My train was the Euro City 43, and it was due to depart at 9:50. However, an announcement came in both German and English that there would be a 20-minute delay. Eventually, that became 30 minutes and then 35. It was a short train as business on a Saturday was slow; behind the engine were one First-Class car, a dining car, and two Second-Class cars. I settled into my reserved seat in a 6-seat compartment that I shared with a young Pole who was returning home from a business meeting in Hamburg. His name was Lukas and he too was in the IT industry. We spoke of many things during the 2:30-hour trip. He spoke English and was learning French. He lived with a German woman who spoke French and was learning Polish. [Now I say his name was Lukas because that's how westerners pronounce his name, which is actually spelled Łukas. Technically, the first letter is "L with stroke", and in Polish it's pronounced as the w in "went", so in Polish his name is pronounced "Wukas", not to be confused with "Woger" or "Wodewick" from Monty Python and the Life of Brian fame. A similar example exists with the Polish currency, spelled "złoty", which Westerners pronounce as "zloty" while the Poles say "zwaty".] To make Polish a bit more challenging, the letter w is pronounced as v, but only on Wednesdays between noon and 3 pm! Now, on the outside of each bus, tram, and train door there is a sign that reads "drzwi". Go ahead, try to pronounce it; I dare you!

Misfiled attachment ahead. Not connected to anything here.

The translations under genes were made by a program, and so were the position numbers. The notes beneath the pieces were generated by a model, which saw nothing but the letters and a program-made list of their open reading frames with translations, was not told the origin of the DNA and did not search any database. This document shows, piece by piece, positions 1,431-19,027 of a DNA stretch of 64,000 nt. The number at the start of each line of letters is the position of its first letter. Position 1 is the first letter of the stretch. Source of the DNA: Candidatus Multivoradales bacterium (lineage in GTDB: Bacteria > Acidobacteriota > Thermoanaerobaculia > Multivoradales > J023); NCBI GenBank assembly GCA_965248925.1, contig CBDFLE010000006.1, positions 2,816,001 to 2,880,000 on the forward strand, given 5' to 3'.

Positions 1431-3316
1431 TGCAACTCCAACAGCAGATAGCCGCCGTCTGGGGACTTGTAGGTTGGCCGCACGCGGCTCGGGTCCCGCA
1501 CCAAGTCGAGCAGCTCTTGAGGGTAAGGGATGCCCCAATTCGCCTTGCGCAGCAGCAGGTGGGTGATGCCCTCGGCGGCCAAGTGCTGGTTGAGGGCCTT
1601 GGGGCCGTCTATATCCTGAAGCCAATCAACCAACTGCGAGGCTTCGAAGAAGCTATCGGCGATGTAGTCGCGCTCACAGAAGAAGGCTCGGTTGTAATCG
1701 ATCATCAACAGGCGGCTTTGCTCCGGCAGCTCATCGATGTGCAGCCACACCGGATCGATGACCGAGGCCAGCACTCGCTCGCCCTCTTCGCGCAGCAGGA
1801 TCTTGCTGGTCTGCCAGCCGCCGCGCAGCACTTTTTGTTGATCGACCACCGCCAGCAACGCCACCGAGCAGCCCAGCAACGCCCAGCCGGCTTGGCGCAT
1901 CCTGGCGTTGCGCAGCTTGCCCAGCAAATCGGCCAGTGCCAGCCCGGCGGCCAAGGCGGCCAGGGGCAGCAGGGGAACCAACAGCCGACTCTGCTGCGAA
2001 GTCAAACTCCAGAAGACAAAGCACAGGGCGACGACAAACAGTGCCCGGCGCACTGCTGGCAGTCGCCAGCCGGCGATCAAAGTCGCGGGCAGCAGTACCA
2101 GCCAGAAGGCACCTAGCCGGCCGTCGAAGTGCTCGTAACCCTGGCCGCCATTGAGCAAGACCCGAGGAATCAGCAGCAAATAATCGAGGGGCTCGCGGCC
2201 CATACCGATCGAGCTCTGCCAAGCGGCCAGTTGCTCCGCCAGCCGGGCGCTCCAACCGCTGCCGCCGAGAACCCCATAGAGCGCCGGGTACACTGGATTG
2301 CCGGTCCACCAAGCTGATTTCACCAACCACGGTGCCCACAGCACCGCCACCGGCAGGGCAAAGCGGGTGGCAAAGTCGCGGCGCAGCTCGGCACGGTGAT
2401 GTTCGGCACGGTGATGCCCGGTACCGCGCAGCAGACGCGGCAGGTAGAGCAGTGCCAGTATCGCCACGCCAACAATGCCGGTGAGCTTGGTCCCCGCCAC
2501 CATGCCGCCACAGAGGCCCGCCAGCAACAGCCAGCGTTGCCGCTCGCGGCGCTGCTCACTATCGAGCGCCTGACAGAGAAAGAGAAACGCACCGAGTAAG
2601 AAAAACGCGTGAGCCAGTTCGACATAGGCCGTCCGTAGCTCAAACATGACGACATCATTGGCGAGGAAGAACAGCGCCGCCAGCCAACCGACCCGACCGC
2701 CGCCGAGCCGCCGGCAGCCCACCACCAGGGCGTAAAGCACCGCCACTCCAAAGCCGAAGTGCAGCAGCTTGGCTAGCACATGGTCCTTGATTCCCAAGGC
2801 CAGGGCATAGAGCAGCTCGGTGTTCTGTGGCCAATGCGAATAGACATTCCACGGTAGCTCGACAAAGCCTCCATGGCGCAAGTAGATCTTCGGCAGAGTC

The border between Germany and Poland is the Oder River, and just before we crossed, we stopped in Frankfurt (Oder). It is written this way to distinguish it from the other, really big Frankfurt, Frankfurt (Main); that is, the internationally known city is on the river Main. My first look at Poland was forest, forest, and more forest, with occasional farms of corn and cereal crops, and garden houses with large vegetable plots and fruit trees. I saw surprisingly few people or cars and almost no animals. [As it turned out, it was a long weekend after the longest day of the year celebrations of St. John's Day.]